A Small Explanation
This review is forthcoming in the next Review and Expositor Theological Journal. The theme of the Spring 2013 issue is “Christianity and Economics” and it is largely the product of a series of papers presented by myself and a host of other academic and pastoral colleagues at last years LeftForum @ Pace University in New York City.
The end of 2011 was characterized by a great upheaval and public response to unchecked capitalism across the globe, particularly as the meltdown known as the Great Recession continued to have lingering effects. Images of Zuccotti Park and Occupy protests arose over night as it was becoming more and more clear that nation States and big money had disclosed the real nature of their corrupt union via bailouts and the mystical creation of excess liquidity.
Into this vacuum of despair emerged a number of grassroots and academic responses.
Indeed, the very grassroots Occupy movement was not the work of the proletariat; it was the brain child of professors of anthropology that were able to organize this resistance to a system that has become too big for anyone to stop. Too often, however, the literary and media aspects of the resistance and cultural critique were from the far left intellgentisa. This, and unfairly so, allowed too many folks across various political and religious persuasions to dismiss these events as fringe movements of the Left that were simply trying to usurp societal order and restore the ever feared “S” word: SOCIALISM. Elitist, agnostic leftist and progressive academics and activists were the ones loudly critiquing the many hallmarks of capitalism. Secular culture was engaging and judging itself, while the church and theologians stood idly on the sidelines not wishing to engage this very material problem. While some of our pastoral colleagues in New York were leading marches carrying the golden bull of Wall Street, images that reminded us all of a similar biblical incident involving another golden bull, other pastors were left lost in the gaze of capital and speechless as to how the Christ event might actually become suddenly very practical.
Into this context, my colleagues and I considered it a worthy endeavor to go the scene of the Protests, New York, and to ask in what ways might Christianity challenge the systemic evil of our current economic forms of exchange and how might we communicate this to a population that largely sees Christianity complicit in the conservative neo-liberal economic agenda?
To this end, we were the only group of Christian pastors and theologians that presented papers at last years LeftForum, a conference that had nearly 400 various presentations and speaking engagements. We were the group that refused to allow post-metaphysical thinking to drive the agenda of critiquing the systemic economic ills plaguing us all. While our leftist colleagues were all around us invoking the names of Trotsky, Marx, Luxemburg, Lenin, etc., we were invoking Christian hyperbole, Hebrew Bible social justice texts, Continental Christian theology and even the likes of the most evangelical of them all, John Wesley.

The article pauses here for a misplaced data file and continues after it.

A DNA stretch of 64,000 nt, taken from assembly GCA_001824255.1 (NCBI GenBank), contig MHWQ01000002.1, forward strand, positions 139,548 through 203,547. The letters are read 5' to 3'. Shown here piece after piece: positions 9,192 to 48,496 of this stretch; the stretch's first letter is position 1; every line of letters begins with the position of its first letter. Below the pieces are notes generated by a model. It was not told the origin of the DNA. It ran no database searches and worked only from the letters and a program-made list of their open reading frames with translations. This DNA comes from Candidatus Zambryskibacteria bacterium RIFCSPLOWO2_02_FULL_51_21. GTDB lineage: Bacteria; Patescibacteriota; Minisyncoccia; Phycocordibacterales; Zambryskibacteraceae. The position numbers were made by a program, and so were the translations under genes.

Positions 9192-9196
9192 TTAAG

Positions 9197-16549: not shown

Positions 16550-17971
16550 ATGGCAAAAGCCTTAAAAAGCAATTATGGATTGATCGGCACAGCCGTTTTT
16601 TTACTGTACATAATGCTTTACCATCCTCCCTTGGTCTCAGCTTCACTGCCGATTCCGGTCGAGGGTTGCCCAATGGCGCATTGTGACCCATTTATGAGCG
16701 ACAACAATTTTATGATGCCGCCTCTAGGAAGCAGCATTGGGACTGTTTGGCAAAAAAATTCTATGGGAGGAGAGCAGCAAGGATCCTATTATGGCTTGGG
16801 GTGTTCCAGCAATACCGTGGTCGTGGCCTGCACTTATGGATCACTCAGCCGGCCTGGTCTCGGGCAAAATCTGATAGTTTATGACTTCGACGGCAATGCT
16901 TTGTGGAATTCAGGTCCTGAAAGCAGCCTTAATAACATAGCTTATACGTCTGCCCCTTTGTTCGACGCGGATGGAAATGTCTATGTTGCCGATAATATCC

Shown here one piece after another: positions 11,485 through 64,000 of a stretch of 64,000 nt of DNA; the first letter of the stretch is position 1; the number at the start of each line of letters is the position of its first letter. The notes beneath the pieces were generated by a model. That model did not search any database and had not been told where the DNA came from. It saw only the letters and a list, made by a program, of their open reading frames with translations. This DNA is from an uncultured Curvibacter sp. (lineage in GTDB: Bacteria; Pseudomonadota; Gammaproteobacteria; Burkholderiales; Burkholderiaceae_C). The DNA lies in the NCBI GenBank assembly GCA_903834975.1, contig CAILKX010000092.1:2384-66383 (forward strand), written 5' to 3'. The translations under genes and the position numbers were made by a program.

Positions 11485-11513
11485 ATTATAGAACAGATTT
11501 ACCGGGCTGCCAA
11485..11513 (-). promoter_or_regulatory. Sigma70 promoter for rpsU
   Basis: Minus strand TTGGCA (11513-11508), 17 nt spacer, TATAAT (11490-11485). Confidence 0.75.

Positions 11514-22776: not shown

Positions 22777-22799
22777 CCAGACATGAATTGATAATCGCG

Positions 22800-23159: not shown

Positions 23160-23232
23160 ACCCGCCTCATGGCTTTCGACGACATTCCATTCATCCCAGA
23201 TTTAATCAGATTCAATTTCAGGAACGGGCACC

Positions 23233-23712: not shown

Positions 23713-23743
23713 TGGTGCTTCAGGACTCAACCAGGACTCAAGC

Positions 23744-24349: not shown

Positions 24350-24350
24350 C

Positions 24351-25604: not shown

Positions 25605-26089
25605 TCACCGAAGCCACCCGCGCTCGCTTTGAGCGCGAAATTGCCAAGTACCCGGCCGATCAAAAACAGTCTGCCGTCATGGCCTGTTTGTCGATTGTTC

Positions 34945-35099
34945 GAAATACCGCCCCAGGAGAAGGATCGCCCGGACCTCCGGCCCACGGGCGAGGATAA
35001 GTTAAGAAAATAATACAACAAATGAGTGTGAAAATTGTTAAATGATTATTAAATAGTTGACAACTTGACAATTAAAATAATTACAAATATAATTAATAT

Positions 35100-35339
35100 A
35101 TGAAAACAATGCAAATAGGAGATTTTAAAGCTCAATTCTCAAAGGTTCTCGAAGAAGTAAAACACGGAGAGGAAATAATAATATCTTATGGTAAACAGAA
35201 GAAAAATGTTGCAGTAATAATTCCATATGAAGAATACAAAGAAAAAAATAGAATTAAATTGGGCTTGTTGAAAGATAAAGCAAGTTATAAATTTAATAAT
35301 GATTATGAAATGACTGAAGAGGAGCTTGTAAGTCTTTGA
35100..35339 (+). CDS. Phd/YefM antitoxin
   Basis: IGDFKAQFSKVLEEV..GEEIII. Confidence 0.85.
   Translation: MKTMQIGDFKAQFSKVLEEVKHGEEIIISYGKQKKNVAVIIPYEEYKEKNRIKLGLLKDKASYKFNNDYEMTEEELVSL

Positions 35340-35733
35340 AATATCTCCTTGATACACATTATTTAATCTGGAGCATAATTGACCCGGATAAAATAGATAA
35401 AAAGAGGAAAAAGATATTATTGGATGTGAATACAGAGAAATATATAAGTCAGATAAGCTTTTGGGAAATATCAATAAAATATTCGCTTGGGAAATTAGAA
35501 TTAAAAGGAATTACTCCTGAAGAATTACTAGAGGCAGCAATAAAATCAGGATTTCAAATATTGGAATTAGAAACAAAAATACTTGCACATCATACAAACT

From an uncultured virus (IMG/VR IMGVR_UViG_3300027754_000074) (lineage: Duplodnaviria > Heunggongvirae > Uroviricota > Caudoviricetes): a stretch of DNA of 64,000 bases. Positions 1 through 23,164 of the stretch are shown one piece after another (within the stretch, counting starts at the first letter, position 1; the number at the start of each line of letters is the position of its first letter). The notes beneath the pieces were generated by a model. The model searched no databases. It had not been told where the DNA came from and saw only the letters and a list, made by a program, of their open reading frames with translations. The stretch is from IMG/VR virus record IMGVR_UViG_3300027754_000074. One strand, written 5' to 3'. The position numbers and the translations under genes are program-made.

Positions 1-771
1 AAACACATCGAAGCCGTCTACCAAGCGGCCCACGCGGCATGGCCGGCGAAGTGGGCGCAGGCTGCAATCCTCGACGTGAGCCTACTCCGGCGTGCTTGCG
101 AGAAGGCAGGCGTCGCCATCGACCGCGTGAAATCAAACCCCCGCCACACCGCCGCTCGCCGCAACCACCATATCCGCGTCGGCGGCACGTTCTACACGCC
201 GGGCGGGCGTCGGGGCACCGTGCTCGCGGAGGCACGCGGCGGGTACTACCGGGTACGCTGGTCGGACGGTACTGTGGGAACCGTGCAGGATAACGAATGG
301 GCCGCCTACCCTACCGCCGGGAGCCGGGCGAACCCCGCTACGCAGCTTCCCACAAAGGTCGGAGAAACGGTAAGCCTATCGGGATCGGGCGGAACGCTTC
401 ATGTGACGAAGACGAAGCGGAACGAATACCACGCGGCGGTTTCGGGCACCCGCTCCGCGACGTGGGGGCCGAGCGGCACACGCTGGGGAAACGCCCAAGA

We were challenging the assumption that in order for one to offer an alternative to the unchecked flow of capital and the eschatological dead end of accumulation, one must also abandon Christianity and theological reflection. In fact, as will be argued in some our essays for the upcoming journal, one is not able to stand with the 99% if there is an a priori dismissal of one of the single largest components that the 99% use to navigate the world and make sense of their existence: faith/religion.
We partook in the project with the firm belief and resolve that if we will but only listen to the voices of the Christian past and present, we will find a wealth of resources that will not only call the evil of our present capitalist driven society to the floor, but it will also refuse to let Christian theology and praxis be co-opted by ideological forces that try to confuse their democratic or republican agenda with Christianity. This has gone on too long and it must stop.
To this end, along with various articles that will propose a revolutionary core of Christian theo-economic discourse, several reviews will be contained in this journal that reflect Christian pastors and theologians engaging in texts that are primarily economic in nature. The purpose is to embody how theology and economics might begin a dialogue that is being sorely neglected by much of the church. People of faith should not be disinterested in these matters, for the very folks to which ministry is offered are the ones who are living this economic hell that seems to hang over us like a never ending purgatory.
Thus, this review of David Harvey’s Enigma of Capital is another aspect of engaging Christianity with contemporary economic theory and making resolute our claim that Christianity is not something that is passe or irrelevant during this time of economic change; indeed, it is pivotal if we are to engage cultural phenomena and respond in holistic ways that are not only healthy and economically viable but also comprehensively salvific.